The United States Internal Revenue Service has honed in on a new tax evasion target: cryptocurrency users. The agency reportedly assigned several of its elite agents to investigate the use of Bitcoin and other cryptocurrencies as a means of tax evasion.
According to the IRS, there is a suspicion that the anonymity offered by cryptocurrency has lured not only drug dealers and money launders but also tax cheats. The IRS says that despite significant increases in the popularity of cryptocurrencies, very few people report financial gains from them on their tax returns.
“It’s possible to use Bitcoin and other cryptocurrencies in the same fashion as foreign bank accounts to facilitate tax evasion,” Don Fort, chief of the IRS Criminal Investigations Division, told media outlets in early February.
The IRS has reportedly focused its efforts on cryptocurrency users trading large quantities of the digital currency. In late November 2017, a federal judge in San Francisco ordered Coinbase – one of the most prominent cryptocurrency exchange sites globally – to hand over the identities of any user who exchanged more than $20,000 annually of cryptocurrency between 2013 and 2015 in response to an IRS request for information about certain Coinbase users. The IRS estimates that only around 900 people reported financial gains from cryptocurrencies on their tax returns in those years – in spite of the fact that an estimated 14,000 Coinbase users either bought, sold, received, or sent over $20,000 of cryptocurrencies in that same period. Following the ruling, Coinbase was forced to hand over a host of information related to over 10,000 user accounts, including each user’s name, taxpayer ID number, transaction logs, date of birth, address, and account statements.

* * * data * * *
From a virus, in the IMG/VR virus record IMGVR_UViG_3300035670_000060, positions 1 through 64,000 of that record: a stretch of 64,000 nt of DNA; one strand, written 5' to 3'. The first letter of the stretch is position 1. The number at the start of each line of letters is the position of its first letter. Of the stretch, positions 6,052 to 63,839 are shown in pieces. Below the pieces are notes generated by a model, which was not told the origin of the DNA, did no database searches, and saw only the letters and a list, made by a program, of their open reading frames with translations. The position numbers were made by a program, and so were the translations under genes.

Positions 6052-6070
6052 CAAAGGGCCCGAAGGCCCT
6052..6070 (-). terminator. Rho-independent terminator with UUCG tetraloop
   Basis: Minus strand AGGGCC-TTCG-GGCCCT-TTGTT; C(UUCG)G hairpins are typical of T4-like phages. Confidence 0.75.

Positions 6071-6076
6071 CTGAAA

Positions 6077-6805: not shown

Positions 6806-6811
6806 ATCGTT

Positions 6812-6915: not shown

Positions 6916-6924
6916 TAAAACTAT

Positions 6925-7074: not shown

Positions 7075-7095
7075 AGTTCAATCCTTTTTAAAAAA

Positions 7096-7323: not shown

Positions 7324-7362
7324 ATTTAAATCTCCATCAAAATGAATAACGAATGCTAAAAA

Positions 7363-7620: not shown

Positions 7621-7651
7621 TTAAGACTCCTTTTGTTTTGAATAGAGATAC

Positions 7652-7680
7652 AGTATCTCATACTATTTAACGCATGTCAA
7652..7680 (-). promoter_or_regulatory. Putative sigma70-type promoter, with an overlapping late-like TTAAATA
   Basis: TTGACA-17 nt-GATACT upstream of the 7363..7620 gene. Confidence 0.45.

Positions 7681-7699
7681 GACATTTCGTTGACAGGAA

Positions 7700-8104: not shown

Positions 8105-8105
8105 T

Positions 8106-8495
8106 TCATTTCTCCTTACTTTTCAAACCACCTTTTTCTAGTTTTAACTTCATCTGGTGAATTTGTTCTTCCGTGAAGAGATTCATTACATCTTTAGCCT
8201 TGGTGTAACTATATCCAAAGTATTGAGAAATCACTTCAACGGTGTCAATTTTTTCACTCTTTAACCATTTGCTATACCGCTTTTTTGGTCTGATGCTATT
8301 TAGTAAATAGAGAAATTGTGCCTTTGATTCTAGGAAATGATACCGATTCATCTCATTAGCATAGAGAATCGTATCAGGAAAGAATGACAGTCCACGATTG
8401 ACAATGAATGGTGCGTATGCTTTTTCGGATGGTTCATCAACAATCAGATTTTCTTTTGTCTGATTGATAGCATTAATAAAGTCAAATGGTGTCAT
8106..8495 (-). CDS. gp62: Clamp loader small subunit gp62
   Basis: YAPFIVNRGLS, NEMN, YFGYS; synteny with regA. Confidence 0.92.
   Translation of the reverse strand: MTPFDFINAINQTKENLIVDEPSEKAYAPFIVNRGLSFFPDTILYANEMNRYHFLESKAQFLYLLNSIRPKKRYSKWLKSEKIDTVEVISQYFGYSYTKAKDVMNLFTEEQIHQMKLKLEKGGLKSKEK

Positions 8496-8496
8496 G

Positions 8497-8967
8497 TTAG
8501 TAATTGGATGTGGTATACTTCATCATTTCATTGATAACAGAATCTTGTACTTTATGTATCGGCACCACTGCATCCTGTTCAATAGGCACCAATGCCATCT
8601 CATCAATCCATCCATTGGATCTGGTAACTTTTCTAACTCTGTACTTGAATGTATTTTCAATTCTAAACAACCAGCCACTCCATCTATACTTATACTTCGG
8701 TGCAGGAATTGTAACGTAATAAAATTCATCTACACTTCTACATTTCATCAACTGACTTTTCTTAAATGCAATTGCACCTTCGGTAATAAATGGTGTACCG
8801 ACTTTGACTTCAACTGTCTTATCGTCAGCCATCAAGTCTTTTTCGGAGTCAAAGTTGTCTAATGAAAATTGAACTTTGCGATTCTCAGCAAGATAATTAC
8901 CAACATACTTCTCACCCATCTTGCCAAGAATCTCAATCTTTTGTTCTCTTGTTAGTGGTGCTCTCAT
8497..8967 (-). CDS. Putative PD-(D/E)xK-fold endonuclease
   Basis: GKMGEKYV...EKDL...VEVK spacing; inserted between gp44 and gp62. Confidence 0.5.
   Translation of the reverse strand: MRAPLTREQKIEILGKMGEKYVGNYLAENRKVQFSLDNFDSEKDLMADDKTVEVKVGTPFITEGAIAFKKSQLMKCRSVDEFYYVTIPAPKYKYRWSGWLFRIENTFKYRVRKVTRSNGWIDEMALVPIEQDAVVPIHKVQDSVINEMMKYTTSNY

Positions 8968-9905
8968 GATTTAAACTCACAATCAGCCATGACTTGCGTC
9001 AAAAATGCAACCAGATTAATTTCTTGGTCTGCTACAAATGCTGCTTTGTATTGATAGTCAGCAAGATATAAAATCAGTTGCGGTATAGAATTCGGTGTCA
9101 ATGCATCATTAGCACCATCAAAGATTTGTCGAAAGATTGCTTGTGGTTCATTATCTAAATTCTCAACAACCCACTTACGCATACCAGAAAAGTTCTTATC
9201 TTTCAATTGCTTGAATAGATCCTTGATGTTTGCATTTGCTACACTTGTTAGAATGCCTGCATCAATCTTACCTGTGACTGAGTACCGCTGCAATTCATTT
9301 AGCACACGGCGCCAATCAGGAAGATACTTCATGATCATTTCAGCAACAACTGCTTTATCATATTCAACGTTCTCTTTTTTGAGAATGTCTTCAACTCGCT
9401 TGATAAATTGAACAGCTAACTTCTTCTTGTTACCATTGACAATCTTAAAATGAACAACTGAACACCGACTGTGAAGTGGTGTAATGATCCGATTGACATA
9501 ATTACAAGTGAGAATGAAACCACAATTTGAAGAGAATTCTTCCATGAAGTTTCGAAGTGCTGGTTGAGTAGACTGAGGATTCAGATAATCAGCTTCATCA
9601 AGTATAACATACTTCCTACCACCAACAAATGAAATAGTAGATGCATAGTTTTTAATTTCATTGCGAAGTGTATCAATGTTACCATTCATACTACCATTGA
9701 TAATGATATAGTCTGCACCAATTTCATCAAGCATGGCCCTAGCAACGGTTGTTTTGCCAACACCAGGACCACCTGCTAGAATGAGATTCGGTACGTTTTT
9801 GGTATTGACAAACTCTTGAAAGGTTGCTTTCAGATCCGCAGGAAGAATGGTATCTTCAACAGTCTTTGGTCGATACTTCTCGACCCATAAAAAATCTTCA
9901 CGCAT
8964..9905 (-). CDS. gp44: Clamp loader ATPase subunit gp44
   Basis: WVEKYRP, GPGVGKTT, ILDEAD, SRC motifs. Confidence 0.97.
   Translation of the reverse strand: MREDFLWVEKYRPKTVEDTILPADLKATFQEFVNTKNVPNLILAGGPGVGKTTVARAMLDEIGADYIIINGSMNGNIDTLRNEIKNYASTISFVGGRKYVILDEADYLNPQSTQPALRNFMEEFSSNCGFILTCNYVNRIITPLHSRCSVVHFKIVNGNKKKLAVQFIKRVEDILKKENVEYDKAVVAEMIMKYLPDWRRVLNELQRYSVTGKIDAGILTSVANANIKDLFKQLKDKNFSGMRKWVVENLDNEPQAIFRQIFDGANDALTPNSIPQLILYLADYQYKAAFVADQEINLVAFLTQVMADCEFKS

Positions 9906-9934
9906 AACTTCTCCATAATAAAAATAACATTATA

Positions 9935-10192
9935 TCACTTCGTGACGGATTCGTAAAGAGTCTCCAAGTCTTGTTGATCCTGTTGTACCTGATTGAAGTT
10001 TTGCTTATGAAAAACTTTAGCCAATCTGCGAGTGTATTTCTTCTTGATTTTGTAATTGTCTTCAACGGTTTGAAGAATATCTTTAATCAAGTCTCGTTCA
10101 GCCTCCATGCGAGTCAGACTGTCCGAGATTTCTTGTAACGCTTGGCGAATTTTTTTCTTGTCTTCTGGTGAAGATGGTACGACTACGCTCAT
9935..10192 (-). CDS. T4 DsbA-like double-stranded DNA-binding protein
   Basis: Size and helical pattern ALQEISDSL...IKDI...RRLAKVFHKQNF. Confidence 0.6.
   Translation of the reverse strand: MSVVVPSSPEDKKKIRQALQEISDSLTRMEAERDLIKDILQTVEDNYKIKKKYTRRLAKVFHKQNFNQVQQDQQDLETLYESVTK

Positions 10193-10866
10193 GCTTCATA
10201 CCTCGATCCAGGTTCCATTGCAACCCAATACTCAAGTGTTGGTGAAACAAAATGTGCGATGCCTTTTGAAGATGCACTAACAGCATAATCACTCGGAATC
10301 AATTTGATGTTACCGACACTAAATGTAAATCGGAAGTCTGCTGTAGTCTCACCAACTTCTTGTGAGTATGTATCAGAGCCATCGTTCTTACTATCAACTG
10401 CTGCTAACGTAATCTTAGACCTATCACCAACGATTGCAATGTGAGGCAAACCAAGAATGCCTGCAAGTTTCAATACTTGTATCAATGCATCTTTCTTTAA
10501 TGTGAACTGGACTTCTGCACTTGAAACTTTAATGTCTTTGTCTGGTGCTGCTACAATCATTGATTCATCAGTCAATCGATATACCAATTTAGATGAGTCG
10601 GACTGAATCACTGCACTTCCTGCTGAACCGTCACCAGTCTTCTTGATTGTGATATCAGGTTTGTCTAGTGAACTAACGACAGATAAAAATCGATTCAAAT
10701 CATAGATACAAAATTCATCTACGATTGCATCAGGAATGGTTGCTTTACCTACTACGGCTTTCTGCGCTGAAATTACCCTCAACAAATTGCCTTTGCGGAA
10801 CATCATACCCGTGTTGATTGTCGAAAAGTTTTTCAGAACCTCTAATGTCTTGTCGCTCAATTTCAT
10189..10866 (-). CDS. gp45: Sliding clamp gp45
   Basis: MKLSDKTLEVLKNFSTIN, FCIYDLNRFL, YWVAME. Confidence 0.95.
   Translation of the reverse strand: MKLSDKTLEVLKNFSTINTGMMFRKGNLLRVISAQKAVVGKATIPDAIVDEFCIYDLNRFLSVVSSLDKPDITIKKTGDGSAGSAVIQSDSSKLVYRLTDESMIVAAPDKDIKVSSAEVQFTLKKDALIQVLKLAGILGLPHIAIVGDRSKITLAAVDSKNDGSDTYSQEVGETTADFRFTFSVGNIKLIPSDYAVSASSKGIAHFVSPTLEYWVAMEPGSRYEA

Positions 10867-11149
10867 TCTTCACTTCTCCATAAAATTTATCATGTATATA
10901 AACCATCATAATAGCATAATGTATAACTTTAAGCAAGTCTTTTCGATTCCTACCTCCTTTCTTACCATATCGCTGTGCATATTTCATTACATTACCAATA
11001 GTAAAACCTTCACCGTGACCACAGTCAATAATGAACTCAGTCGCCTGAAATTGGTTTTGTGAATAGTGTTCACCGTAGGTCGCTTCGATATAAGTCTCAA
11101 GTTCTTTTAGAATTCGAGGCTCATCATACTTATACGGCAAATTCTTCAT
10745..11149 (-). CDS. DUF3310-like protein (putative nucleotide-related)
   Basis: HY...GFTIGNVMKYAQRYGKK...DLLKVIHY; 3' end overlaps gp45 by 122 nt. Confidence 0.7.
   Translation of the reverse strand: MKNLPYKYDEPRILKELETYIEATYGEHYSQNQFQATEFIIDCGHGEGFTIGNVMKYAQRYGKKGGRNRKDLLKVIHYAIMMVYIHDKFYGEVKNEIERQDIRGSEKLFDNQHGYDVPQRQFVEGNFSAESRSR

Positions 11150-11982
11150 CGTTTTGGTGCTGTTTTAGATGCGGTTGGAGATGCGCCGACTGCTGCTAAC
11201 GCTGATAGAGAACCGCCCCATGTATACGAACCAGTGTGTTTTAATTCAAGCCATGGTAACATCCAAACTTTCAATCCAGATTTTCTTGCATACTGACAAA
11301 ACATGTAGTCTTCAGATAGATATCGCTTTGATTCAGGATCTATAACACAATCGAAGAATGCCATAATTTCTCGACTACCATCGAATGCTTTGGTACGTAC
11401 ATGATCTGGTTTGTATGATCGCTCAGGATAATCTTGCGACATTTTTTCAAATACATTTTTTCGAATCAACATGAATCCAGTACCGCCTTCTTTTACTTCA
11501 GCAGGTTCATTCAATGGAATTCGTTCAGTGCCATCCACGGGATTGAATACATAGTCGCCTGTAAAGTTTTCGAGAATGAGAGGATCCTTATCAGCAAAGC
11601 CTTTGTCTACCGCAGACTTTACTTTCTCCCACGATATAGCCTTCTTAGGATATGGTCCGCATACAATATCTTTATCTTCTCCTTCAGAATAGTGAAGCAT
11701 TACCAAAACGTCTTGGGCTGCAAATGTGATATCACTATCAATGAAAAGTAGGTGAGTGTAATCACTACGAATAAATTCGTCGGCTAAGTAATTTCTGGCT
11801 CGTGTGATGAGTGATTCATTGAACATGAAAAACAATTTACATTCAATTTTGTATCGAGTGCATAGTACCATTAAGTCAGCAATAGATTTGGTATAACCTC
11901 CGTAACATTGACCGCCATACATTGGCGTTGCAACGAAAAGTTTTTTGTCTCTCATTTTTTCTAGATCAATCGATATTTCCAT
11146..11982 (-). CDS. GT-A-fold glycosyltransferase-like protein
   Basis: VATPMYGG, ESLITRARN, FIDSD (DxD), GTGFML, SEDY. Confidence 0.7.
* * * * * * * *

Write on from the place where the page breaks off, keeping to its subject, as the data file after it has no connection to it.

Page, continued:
However, many point out that the underreporting of financial gain from cryptocurrencies isn’t always the result of an intent to evade tax responsibilities. Sometimes, it is just the product of confusion. There often isn’t a clear way for investors to figure out what they owe in taxes and how much
“There are some good reasons people are confused,” tax expert Frank Chaparro explained in Business Insider. “For the most part, cryptocurrency exchanges do not send customers tax forms, such as a 1099-DIV, which informs investors how much they made from selling investments during the year. Without a 1099-DIV, it’s up to the investor to figure out how much they made from selling cryptocurrencies during the year and how much they’ll owe in taxes.”
So, what should cryptocurrency users who may have underreported or failed to report their cryptocurrency gains to the IRS do now? Well, if you think you might owe taxes on a transaction, your best bet is to be proactive. Not only are those who don’t report gains at risk of a big tax bill, they may also have financial penalties and, in some serious situations, potentially even criminal charges for tax evasion.
Generally, if you face any kind of risk, it is best to consult a tax attorney and make contact with the IRS before they come knocking on your door. The longer you wait to address the situation, the hotter the water you might find yourself in.
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